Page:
California's new net neutrality law prohibits slowing down or blocking access to content and a ban on zero rating. "Once again, the federal government has failed to lead, and California has stepped forward".
"The internet must be governed by a single, uniform and consistent national policy framework, not state-by-state piecemeal approaches", said Jonathan Spalter, President & CEO of USTelecom, a trade group representing broadband companies. Verizon soon apologized, noting that reducing the speed of emergency responders was a "customer support mistake", but held that the situation had "nothing to do with net neutrality".
Internet providers say they've publicly committed to upholding the values of net neutrality, but strict rules like California's would inhibit investment in faster technology.
This is not the first state wide resistance to the FCC's attack on net neutrality, with Washington State passing House Bill 2282 in March, with the rules coming into effect on June 6. The FCC's repeal of Net Neutrality protections has unleashed a flood of new regulations for ISPs to follow, and it doesn't appear it's going to get any better for ISPs, and perhaps consumers if ISPs in California can't deal with the new regulations and if Spectrum in NY can't work out a deal with the state. Ajit Pai, the FCC chairman appointed by President Donald Trump, pitched the repeal as a way to stop the federal government from "micromanaging the internet". "So when Donald Trump's FCC made a decision to take a wrecking ball to net neutrality protections, we knew that California had to step in to ensure our residents have access to a free and open internet", he said in a statement Friday. Under the proposed rules, providers can not charge companies fees for a better connection, or allow zero rating - when a provider doesn't count certain content against a plan's data cap.More news: Tropical depression likely to form near SWFL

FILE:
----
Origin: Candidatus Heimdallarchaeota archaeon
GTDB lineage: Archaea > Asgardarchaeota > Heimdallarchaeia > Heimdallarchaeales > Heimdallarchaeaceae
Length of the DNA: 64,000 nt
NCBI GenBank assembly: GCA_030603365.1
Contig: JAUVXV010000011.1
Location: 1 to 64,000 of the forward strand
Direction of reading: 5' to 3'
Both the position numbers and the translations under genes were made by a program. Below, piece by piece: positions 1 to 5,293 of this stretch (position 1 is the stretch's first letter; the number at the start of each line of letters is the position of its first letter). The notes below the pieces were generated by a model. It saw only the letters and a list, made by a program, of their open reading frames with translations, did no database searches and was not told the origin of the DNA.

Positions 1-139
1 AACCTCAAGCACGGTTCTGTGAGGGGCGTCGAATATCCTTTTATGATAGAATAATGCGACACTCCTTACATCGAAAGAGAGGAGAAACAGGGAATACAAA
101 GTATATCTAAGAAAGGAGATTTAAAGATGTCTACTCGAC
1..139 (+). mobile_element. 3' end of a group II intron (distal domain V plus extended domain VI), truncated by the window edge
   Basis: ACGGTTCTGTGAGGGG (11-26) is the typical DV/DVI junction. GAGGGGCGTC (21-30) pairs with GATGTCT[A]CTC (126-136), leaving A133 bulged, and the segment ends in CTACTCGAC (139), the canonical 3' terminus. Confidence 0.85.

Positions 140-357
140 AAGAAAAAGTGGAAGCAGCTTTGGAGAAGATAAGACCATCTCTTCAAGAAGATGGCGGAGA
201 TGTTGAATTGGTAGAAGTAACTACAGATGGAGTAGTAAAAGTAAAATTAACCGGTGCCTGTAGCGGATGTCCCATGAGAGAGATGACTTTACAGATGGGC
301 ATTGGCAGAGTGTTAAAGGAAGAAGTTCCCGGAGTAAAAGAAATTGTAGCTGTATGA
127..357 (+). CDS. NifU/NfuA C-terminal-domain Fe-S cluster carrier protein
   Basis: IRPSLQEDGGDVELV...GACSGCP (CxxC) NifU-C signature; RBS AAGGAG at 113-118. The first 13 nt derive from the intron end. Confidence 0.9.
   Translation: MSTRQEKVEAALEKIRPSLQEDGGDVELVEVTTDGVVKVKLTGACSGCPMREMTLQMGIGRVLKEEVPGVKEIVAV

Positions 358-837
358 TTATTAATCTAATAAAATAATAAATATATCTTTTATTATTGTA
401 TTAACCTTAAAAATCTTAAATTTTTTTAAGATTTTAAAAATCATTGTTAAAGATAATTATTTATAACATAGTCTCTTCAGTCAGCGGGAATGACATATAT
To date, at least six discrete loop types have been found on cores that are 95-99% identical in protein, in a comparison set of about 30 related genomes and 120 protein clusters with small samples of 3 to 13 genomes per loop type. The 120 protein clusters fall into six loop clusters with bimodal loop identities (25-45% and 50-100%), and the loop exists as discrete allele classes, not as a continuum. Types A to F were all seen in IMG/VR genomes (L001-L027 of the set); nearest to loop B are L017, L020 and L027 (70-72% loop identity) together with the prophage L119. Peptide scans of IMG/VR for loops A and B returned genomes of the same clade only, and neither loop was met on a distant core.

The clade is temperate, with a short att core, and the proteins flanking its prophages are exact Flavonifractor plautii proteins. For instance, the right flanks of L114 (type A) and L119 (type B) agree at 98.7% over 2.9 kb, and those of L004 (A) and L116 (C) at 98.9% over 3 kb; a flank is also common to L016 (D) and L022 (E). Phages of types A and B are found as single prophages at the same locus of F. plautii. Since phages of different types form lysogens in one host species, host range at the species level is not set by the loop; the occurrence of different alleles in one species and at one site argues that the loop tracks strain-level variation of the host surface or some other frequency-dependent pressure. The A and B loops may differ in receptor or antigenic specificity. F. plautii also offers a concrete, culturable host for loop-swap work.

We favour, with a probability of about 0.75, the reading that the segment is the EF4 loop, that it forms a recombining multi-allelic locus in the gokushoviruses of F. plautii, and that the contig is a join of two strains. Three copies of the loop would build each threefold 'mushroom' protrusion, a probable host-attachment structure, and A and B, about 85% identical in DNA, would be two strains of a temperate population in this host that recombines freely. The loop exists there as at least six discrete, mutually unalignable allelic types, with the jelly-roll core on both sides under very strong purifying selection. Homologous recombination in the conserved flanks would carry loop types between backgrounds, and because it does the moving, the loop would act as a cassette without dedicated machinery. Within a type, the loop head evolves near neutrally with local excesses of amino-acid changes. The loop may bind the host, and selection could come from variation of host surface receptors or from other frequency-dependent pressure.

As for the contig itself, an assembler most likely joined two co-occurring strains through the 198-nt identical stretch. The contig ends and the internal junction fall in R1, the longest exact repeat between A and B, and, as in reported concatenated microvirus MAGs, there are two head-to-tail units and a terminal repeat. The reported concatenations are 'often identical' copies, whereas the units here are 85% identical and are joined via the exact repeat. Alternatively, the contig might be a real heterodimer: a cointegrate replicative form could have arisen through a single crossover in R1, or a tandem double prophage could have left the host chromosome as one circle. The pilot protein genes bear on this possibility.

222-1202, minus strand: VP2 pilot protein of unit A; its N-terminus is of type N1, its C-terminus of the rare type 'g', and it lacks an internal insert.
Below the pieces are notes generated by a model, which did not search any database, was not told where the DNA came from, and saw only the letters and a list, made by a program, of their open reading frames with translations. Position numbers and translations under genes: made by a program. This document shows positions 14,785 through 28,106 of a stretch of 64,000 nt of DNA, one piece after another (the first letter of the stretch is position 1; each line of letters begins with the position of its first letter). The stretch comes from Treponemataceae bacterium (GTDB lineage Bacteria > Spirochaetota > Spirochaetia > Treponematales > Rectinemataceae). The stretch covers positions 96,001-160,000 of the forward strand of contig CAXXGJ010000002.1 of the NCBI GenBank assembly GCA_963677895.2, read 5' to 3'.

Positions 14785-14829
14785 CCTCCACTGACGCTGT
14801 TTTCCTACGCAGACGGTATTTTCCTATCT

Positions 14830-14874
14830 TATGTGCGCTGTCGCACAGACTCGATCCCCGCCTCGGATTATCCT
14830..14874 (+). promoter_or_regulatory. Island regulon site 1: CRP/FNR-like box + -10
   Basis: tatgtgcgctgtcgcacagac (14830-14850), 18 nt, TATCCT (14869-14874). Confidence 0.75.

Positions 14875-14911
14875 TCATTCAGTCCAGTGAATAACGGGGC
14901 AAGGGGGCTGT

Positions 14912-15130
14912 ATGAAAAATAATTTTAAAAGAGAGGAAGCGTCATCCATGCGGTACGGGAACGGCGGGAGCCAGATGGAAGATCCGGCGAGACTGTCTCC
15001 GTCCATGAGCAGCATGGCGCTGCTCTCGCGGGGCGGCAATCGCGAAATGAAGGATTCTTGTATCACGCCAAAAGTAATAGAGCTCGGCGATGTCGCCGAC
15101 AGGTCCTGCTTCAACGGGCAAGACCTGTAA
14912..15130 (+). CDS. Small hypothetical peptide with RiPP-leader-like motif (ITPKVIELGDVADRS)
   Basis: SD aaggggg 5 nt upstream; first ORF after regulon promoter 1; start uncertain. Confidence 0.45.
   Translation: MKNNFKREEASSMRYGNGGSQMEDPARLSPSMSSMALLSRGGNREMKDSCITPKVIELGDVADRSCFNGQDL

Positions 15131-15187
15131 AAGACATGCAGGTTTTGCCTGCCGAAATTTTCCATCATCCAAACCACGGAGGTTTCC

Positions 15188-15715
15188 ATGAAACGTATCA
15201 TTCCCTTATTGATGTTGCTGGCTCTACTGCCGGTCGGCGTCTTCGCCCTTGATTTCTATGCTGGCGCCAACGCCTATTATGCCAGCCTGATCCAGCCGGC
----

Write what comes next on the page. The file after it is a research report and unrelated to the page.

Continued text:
Consumer groups such as the Electronic Frontier Foundation and a number of smaller tech companies including Etsy, Reddit and Sonos lined up in favor of the bill. "SB 822 is a crucial step towards ensuring that we have a free and open internet that doesn't discriminate or price users or content differently".
Privacy-advocacy groups, coalitions of private businesses, attorney generals and more have been challenging the FCC dismantling of the rules, and the escalation of this saga seems to be entering into uncharted territories.
The FCC did not immediately respond to a request for comment. Its higher standards for auto emissions, for example, have been followed by a dozen other states, giving California major sway over the auto industry. "With the strongest net neutrality legislation in the country, California now leads the way in guaranteeing access to the internet for all. And they're not going to let their elected officials get away with it if they sell out their constituents by siding with big telecom companies".
If the measure passes both chambers of the Democrat-controlled state legislature it would still require approval from Governor Jerry Brown, a Democrat, who has not said if he would sign it into law. It faced opposition from major technology players, including Facebook, Google and Amazon.